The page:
ANAHEIM -- Rangers manager Jeff Banister hoped Tyson Ross could manage his innings a bit smoother in his third start since being activated from his latest stint on the disabled list.Ross never found his rhythm in Tuesday night's 10-1 loss to the Angels, though, and his night came to an
ANAHEIM -- Rangers manager Jeff Banister hoped Tyson Ross could manage his innings a bit smoother in his third start since being activated from his latest stint on the disabled list.
Ross never found his rhythm in Tuesday night's 10-1 loss to the Angels, though, and his night came to an end after 98 pitches through 3 2/3 innings while allowing three runs on seven hits with four walks.
The Rangers must now decide the next step for the 30-year-old right-hander as they fell to three games back of the Twins for second American League Wild Card spot. Ross has completed six innings in just one of his 10 starts this season
"We'll assess it, see where we're at," Banister said. "Obviously, we're in a situation where we've got to get some quality starts. That's where we're at, so we'll sit down, put our heads together and evaluate where we're at."
Ross threw 29 pitches in the first inning alone but was able to escape with only one run allowed. He stranded seven runners through the first three innings but a two-run, two-out double from Kole Calhoun chased him in the fourth.
"Physically, I felt good," said Ross, whose 7.04 ERA would be a career high for a season in which he's logged at least 10 starts."The velocity was up a tick and I had some good pitches but, unfortunately, it was surrounded by walks and the inability to finish those innings and give the team a chance."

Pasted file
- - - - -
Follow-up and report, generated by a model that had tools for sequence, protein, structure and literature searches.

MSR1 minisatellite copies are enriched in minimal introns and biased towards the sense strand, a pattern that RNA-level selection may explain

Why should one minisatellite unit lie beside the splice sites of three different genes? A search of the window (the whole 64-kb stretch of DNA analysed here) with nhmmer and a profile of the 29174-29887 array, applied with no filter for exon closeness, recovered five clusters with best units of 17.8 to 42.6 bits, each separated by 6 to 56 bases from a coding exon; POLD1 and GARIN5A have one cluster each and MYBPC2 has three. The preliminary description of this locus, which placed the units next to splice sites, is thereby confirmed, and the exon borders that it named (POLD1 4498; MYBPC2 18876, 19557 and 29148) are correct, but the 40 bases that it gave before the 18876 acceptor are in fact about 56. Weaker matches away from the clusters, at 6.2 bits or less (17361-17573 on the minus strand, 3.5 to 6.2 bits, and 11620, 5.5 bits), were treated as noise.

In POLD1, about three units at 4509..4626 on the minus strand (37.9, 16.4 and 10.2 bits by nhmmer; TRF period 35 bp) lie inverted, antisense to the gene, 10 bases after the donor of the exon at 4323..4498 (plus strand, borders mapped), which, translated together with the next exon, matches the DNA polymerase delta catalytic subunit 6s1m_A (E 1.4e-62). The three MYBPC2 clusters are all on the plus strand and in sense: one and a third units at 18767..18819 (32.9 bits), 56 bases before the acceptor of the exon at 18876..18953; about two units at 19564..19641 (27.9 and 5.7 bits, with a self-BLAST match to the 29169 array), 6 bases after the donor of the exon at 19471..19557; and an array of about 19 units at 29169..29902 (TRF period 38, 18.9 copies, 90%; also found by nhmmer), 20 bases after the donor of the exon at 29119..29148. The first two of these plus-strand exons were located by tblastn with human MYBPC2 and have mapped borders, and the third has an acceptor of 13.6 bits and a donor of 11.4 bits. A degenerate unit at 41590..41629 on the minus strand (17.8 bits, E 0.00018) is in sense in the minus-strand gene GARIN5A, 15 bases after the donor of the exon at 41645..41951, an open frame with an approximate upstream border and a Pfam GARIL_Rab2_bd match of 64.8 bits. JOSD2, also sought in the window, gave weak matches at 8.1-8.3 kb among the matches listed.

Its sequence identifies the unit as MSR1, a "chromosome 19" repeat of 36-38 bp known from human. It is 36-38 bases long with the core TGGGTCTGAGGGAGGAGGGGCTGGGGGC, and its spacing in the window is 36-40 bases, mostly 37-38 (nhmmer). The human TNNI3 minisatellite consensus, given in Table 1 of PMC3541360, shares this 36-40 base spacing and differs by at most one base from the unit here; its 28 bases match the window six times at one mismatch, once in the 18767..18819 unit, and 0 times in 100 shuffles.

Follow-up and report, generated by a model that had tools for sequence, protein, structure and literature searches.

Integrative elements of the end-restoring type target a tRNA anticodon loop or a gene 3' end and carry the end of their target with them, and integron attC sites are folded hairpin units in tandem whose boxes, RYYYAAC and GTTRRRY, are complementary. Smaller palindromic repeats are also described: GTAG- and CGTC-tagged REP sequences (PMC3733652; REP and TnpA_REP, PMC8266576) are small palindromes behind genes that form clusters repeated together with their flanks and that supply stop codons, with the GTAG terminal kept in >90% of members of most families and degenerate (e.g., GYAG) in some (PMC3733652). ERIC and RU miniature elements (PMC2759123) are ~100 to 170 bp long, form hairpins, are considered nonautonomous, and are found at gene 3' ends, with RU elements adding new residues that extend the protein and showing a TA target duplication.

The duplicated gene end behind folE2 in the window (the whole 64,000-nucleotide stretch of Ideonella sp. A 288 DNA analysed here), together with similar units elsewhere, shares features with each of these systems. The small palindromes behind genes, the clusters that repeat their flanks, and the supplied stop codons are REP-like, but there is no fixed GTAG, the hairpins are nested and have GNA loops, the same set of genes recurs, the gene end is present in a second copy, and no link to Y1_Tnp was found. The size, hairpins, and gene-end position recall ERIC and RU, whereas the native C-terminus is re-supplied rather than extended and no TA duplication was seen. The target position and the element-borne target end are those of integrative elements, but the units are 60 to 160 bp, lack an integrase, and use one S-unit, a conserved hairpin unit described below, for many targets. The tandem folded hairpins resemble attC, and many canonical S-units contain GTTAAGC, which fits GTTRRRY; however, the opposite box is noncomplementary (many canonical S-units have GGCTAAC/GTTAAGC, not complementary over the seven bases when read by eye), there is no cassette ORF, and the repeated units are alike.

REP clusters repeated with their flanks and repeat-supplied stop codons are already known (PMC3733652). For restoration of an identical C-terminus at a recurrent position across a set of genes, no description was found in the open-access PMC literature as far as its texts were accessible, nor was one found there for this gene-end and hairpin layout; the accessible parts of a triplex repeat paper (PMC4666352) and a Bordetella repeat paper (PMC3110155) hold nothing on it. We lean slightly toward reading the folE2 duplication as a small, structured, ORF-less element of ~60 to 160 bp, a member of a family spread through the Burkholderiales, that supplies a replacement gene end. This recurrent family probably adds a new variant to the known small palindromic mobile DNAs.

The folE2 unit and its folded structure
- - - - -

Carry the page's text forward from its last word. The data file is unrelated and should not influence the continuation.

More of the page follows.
The Rangers knew they were taking a bit of a gamble after signing Ross to a one-year deal in the offseason. He made just one start with the Padres last year, which came on Opening Day, and eventually had thoracic outlet syndrome surgery that sidelined him for the team's first 65 games this year.
Ross missed an additional 15 games due to a blister on his right index finger and was activated on Aug. 12.
"This is a guy that we felt like coming in would be able to overcome these things and get on a roll with his delivery and pitchability," Banister said. "We still feel like this is a guy who has dynamic stuff when the delivery and command are right."
While the Rangers assess Ross' future, they'll also have to navigate the final two games of the series with a depleted bullpen. The team needed four relievers to close out the 3-hour, 58-minute contest.
"There is some collateral damage going into the next few games but we have some guys who've been through this before," Banister said. "We've just got to manage a good start and turn it over to the backend of the bullpen."
Ryan Posner is a contributor to MLB.com based in Los Angeles. He covered the Rangers on Tuesday.